“An OSHA official told us that OSHA does not have an official policy on incentive programs or practices that might affect workers’ decisions to report injuries and illnesses, but it has authority under the OSH Act to discourage inaccurate reporting by employers. The official stated that, under a planned National Emphasis Program, OSHA will explore the possible impact that incentive programs have on workers’ decisions to report injuries and illnesses. To address disincentives that might affect employers’ decisions to accurately record injuries and illnesses, the official stated that OSHA can issue citations or fine employers when recordkeeping violations are found.”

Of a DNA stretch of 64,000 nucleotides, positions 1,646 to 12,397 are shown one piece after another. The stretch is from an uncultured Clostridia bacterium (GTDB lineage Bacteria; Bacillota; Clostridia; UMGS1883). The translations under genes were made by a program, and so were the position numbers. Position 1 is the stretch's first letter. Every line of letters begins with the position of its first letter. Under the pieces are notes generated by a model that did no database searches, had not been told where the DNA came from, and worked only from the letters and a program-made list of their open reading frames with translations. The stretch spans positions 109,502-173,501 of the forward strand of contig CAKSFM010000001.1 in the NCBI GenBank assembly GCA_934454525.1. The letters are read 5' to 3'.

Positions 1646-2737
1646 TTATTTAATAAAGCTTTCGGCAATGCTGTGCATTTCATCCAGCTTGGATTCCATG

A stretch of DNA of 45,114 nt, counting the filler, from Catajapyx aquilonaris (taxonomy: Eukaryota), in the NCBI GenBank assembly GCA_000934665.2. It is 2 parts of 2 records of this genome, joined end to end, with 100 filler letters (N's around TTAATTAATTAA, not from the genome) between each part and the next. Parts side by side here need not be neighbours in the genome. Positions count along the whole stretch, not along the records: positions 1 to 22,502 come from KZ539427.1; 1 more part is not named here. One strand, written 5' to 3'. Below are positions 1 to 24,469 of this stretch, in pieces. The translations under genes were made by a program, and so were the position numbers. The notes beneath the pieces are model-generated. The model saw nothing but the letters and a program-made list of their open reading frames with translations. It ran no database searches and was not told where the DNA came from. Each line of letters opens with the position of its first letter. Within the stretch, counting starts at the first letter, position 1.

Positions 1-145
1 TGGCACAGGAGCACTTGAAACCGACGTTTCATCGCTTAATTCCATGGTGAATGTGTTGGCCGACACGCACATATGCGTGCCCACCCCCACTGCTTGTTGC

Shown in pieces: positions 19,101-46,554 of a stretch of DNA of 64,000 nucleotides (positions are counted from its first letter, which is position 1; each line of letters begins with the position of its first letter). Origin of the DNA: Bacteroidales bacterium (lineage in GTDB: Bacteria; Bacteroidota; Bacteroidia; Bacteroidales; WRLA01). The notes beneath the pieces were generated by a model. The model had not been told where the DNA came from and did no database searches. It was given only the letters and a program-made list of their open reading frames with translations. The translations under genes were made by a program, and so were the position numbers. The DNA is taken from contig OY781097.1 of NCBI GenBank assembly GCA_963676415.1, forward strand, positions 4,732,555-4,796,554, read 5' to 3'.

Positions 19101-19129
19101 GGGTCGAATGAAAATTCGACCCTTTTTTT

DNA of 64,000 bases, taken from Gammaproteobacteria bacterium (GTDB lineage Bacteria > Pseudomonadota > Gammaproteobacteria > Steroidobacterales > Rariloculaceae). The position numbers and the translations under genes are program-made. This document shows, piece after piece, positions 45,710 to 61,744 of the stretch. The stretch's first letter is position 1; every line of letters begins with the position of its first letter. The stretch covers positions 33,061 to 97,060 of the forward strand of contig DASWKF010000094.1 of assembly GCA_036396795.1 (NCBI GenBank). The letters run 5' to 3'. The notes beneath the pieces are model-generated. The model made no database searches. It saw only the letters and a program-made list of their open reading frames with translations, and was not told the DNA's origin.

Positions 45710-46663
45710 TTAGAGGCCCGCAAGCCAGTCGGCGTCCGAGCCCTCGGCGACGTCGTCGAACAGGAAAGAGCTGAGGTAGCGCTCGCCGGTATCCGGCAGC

Lessons to be learned:

  • There are inherent pressures not to report injuries or to minimize their scope.
  • Employees are afraid of losing jobs, receiving discipline, or being drug tested (even where drug use plays no part in causation).
  • Safety programs designed to reduce injuries, lost time on the job, and insurance costs can create a disincentive for reporting injuries.
  • These factors also affect managers and health care providers.
  • OSHA will be more vigilant in exploring how employees might be reluctant to report injuries at the workplace.
  • Keep these lessons in mind when designing and implementing injury-reporting systems.

Read the entire report here.